And once the tomatoes, chilies, fresh cilantro and the other ingredients are mixed, you can finally dig in.

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I was afraid that my stomach, after two years of virtually no spice, would somehow resent it, but I was wrong. It was like it had kept the memory of thousands of spicy meals in the favorites file and now it could finally get back to it happily.

Oaxaca is known for the “Tlayudas” which are big baked or grilled tortillas (flat bread) which can take different toppings so of course we had to start with those. We chose a meat, salad and cheese tlayuda to begin our meal.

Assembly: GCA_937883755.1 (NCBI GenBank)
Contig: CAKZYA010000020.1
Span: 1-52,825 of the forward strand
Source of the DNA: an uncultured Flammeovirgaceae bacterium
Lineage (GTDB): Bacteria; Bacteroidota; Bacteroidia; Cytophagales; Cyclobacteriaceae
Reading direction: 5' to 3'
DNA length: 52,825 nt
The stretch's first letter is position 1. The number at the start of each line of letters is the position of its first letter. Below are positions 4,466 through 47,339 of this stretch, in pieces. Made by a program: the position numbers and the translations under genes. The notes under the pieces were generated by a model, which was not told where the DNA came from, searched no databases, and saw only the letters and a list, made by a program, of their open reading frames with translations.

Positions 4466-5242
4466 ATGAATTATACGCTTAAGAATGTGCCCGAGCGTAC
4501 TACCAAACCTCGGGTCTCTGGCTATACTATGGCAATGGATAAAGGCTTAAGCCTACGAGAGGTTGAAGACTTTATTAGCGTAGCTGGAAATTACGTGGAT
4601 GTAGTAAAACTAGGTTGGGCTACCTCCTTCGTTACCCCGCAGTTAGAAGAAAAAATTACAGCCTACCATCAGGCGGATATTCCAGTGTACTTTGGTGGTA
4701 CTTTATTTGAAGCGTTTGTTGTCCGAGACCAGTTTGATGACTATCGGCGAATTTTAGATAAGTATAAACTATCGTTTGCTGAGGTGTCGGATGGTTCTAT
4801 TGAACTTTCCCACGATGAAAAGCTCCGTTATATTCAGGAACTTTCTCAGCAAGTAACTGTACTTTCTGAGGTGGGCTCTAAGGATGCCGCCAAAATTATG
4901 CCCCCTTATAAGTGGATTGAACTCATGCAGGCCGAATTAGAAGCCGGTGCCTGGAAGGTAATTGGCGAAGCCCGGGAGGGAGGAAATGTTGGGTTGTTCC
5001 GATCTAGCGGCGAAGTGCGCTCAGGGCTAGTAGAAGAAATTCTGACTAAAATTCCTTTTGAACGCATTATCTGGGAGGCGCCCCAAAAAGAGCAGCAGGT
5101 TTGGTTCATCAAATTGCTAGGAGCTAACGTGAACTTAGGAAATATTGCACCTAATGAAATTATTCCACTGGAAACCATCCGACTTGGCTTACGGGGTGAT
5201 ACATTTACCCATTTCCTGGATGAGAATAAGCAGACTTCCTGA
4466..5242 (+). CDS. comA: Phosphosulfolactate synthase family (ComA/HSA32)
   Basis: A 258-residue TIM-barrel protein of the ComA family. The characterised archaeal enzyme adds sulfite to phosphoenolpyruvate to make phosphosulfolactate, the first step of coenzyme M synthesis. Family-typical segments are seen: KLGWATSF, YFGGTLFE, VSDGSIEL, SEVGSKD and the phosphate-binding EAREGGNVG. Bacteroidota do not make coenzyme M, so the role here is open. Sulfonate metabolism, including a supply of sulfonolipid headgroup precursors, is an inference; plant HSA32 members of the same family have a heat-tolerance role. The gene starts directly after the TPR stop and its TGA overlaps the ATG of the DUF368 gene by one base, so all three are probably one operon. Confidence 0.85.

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What followed brought back the flavors of Mexico to us. Rabbit, lamb and beef with different types of moles (sauces) filled our empty stomachs and provided comfort and gastronomic bliss.

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And what could be nicer than finishing it off with a delicious Mexican chocolate dessert and ice cream?

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For the rest of the afternoon we just strolled the streets of Oaxaca, I was still finding it very hard to believe I was once more enjoying the sun and the colors of Mexico.

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When we finally got back to the main square where the typical shoeshiners were getting busy, we heard the nice sound of the marimba players.